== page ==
However, the West opposed the Saur Revolution, because it was a leftist government that would prevent future imperialist exploitation of the country. They sought to destroy this government. They also wanted to bait the Soviet Union into military intervention there and thus create the ‘Soviet Vietnam’ – which would squander Soviet resources and bog them down in an unwinnable conflict.

The US decided to do this by funding reactionary Islamist fighters called the Mujahideen. This CIA operation was known as ‘Operation Cyclone’. The Mujahideen has the same ideology as the Taliban – reactionary, misogynistic, homophobic, and demanding compliance to Islamic law. Not only do they have the same ideology, but some of the same individuals:

Notably, the Taliban’s own top negotiator of this new [Trump] “peace” deal, Sher Mohammad Abbas Stanekzai, was among those trained and armed as part of the Mujahideen force created during Operation Cyclone.

The fact that Western countries were more than willing to support Islamic fundamentalism when it suited them geopolitically demonstrates that the idea of promoting women’s rights is a Western fraud.

Problem #2: Whitewashing Western War Crimes

The feminist case for occupation of Afghanistan also has has an (implicit) tenet that Western intervention is basically benign. This ignores the reality of war crimes committed in Afghanistan. This narrative essentially erases the war crimes from existence.

We know about the multitude of offenses committed by Western troops and companies in Afghanistan due to the Afghan war logs and US diplomatic cables, material leaked by whistleblower Chelsea Manning to Wikileaks journalist Julian Assange.

This information showed the reality of the war, and its unwelcome disclosure led to the imprisonment and torture of Manning and Assange.

Let’s look at some examples. One crime that was discovered thanks to the disclosure of these documents involved the Dyncorp corporation. The business had helped arrange ‘dancing boys’ for Afghan warlords – meaning underage boys to be raped by these warlords as part of Afghan traditional practices.

The Afghan puppet government was concerned about the exposure of this fact, as the cable refers to the ‘Kunduz Dyncorp problem’.

On the Kunduz Regional Training Center (RTC) DynCorp event of April 11 (reftel), Atmar reiterated his insistence that the U.S. try to quash any news article on the incident or circulation of a video connected with it. He continued to predict that publicity would “endanger lives.” He disclosed that he has arrested two Afghan police and nine other Afghans as part of an MoI investigation into Afghans who facilitated this crime of “purchasing a service from a child.”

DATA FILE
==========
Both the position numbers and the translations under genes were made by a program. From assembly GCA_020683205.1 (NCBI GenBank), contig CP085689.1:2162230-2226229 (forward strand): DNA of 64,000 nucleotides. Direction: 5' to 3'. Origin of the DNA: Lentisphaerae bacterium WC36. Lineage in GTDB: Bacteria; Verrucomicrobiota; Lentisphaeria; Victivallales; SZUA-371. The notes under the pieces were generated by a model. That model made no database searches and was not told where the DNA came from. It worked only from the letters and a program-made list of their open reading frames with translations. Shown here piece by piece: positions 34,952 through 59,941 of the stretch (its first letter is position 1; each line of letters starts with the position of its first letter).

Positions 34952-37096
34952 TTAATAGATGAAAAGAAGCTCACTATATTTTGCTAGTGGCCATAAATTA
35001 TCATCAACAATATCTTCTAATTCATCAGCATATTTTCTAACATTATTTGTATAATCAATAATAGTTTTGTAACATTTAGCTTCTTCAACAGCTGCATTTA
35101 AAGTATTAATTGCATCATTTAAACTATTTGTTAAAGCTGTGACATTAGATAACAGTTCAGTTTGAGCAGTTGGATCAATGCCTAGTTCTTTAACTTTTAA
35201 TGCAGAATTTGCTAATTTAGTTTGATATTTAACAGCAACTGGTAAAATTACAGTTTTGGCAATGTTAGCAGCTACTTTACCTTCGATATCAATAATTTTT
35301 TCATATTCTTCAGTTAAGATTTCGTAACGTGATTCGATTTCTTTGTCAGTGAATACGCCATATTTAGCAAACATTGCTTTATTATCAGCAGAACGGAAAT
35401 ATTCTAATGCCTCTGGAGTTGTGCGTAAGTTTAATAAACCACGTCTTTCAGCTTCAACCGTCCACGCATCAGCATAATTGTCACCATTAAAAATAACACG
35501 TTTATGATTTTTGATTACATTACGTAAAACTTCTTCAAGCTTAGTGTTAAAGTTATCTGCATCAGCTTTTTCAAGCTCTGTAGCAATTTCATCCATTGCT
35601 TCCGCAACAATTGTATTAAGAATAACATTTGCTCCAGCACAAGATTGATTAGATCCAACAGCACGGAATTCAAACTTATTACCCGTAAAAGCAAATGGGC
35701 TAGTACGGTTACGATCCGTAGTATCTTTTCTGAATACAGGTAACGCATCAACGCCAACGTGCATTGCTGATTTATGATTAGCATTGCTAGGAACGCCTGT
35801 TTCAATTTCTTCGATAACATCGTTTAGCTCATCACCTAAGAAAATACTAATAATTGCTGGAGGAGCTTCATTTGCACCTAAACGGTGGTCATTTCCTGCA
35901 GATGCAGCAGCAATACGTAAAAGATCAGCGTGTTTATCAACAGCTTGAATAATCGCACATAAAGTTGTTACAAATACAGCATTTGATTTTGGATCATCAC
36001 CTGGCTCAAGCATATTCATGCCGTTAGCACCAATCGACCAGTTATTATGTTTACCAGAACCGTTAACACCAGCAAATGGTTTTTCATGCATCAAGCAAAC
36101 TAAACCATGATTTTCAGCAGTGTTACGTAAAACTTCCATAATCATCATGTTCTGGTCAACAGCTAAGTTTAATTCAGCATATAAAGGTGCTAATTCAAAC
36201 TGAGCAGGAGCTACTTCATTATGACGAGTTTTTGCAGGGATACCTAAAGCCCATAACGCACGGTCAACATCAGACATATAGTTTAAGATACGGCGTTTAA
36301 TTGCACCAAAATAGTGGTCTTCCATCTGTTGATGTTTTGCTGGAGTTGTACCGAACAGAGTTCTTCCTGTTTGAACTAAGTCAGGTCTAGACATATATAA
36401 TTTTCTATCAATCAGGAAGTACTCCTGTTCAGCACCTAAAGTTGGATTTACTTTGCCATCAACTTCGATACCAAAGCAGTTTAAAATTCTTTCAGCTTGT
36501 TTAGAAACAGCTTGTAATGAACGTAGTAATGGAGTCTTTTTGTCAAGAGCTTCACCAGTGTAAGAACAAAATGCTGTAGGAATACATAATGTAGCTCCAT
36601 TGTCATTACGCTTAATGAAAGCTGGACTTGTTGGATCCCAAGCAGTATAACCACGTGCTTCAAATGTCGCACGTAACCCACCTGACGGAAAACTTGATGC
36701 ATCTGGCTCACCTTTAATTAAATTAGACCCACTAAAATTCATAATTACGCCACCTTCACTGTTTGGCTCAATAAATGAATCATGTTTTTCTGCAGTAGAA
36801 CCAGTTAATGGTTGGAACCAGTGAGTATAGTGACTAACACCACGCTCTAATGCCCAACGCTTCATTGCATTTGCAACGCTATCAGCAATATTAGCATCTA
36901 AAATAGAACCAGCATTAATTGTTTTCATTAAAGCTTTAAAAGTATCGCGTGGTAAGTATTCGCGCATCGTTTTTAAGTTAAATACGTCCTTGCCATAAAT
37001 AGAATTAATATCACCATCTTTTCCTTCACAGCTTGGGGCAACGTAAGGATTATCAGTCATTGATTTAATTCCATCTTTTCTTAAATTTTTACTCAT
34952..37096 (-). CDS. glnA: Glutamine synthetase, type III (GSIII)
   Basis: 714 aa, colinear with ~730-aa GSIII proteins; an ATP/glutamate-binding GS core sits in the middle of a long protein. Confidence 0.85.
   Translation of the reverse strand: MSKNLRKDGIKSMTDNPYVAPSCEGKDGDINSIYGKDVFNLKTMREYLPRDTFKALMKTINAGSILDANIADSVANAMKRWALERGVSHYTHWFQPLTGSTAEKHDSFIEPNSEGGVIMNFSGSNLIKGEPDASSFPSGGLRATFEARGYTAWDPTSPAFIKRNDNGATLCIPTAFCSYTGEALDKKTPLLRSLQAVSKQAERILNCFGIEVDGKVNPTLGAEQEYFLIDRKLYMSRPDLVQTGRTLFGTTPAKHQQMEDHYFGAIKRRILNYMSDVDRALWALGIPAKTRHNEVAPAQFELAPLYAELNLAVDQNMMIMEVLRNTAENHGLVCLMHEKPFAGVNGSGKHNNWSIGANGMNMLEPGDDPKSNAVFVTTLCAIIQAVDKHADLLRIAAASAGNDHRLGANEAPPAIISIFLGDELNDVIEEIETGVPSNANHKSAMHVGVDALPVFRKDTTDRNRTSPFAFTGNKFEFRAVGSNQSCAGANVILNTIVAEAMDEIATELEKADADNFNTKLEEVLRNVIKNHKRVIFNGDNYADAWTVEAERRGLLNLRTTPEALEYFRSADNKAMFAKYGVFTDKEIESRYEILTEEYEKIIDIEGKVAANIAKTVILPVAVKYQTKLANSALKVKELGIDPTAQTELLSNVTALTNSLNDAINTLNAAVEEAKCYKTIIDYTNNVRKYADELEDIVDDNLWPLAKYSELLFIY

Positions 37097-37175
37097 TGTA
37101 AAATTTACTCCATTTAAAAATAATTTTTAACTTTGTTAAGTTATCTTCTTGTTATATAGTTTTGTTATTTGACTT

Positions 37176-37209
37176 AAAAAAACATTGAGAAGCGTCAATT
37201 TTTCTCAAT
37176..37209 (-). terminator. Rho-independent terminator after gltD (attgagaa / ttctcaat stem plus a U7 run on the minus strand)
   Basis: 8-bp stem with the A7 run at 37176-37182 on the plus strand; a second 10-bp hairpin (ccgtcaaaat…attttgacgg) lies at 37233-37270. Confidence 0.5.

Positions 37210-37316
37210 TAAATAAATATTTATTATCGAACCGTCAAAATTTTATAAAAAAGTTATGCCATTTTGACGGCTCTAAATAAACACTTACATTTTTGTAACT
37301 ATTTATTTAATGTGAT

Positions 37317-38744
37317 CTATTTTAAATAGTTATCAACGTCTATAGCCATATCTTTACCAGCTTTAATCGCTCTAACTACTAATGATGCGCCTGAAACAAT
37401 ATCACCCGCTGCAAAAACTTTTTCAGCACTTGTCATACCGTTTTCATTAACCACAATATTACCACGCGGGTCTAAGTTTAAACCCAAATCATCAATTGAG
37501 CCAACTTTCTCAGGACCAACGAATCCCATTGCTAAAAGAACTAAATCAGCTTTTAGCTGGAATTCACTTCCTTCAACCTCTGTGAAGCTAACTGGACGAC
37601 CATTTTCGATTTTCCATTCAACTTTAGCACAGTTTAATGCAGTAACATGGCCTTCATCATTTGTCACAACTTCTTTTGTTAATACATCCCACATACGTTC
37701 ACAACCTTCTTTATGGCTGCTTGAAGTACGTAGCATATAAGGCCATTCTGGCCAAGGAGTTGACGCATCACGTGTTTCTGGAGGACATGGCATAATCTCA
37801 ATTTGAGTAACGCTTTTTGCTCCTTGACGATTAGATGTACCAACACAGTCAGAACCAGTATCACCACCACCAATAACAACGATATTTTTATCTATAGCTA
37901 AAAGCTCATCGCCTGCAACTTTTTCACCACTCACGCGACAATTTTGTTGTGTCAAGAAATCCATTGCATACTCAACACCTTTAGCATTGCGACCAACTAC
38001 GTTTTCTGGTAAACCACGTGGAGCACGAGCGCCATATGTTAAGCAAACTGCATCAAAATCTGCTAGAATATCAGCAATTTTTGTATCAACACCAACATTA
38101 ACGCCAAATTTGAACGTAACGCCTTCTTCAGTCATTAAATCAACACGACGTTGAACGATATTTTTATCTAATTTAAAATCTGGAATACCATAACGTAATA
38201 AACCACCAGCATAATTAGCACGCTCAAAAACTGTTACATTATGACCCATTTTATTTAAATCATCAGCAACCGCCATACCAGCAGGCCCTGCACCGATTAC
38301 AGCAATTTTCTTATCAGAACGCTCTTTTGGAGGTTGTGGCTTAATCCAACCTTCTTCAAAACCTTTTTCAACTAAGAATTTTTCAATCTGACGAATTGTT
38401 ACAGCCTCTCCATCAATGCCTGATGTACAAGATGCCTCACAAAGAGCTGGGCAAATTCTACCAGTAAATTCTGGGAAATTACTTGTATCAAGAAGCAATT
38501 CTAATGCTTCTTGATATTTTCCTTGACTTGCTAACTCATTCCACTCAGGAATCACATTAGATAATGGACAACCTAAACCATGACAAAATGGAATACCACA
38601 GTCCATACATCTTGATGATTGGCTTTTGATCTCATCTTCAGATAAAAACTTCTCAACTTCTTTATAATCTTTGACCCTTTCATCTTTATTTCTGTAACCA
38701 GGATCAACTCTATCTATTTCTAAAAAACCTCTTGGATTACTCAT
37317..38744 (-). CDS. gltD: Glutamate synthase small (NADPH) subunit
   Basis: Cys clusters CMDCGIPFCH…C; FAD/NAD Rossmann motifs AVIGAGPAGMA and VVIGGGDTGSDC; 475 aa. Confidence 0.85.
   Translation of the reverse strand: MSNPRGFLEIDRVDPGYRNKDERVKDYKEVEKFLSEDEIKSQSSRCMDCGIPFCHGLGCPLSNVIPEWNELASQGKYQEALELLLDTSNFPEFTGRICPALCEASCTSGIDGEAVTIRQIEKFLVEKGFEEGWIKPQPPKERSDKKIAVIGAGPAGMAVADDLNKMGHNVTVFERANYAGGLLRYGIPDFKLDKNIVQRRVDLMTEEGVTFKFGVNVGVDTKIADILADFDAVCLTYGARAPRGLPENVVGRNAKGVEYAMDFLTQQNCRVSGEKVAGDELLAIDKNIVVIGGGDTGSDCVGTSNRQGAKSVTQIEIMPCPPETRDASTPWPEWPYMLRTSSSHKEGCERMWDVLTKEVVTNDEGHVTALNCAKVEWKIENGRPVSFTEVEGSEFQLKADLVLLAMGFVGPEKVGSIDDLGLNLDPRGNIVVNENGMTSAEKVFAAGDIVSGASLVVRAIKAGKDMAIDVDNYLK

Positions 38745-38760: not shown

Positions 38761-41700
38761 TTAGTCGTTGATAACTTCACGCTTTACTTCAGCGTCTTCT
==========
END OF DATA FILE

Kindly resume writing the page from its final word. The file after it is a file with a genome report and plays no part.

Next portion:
This is far from the only crime perpetrated in Afghanistan. Here is one example that involved the Polish contingent:

The day centered around consequence management plans and actions regarding the PBG [Polish Battle Group] mortar incident in Waza Kwah (Naghar Khel village) yesterday evening which killed 6 LN [Local Nationals] and wounded 3 LN. A detailed report is in the Political section.

The detailed report goes on to clarify that 4 of the people killed were children. When addressed, the village said:

The crowd was flabbergasted at how the CF [Coalition Forces] could fire on a village with women, children and old men without cause (i.e. no fire coming from the village) using mortars in an attempt to hit Taliban insurgents instead of coming up to the village and questioning the owners on the presence of insurgents.

This is just one example of civilians being killed during this conflict.

Problem #3: Failing to Question the Official Narrative

Uncritically believing what the mainstream media reports is a terrible idea, given that they twist the truth on any and every topic.

The first point that can be raised regarding official narratives is that the argument that ‘we need to remain in Afghanistan to protect the women and girls’ is itself an official narrative. A CIA document, leaked to Wikileaks, about shoring up support for war in France and Germany states that:

Afghan women could serve as ideal messengers in humanizing the ISAF role in combating the Taliban because of women’s ability to speak personally and credibly about their experiences under the Taliban, their aspirations for the future, and their fears of a Taliban victory. Outreach initiatives that create media opportunities for Afghan women to share their stories with French, German, and other European women could help to overcome pervasive skepticism among women in Western Europe toward the ISAF mission.

Furthermore, the way that the media presents the Afghanistan withdrawal itself is highly misleading. In an article for OffGuardian, Kit Knightly points out the continuing presence of mercenary forces in Afghanistan, and the fact that air strikes will continue. Knightly concludes:

“Private security firms” will carry out “targeted anti-terrorist operations”, or “precision strikes” will take out “known international criminals”…but no one will use the word “war”.

The US troops might be leaving the borders of Afghanistan, but the Imperial influence will remain, the corporate exploitation will continue, the fire will still fall from the sky, and there will be no peace.


The war in Afghanistan is a conflict that has always been about geopolitical and economic motivations, for example, the profits to be made from rare earth metals and opium. The framing of human rights is merely a shield for these fundamental interests. To argue that we need to remain in Afghanistan ‘to protect women and girls’ ignores those killed in Western war crimes and how the West sought to undermine women’s rights in Afghanistan, as well as uncritically affirming misleading narratives about reality on the ground.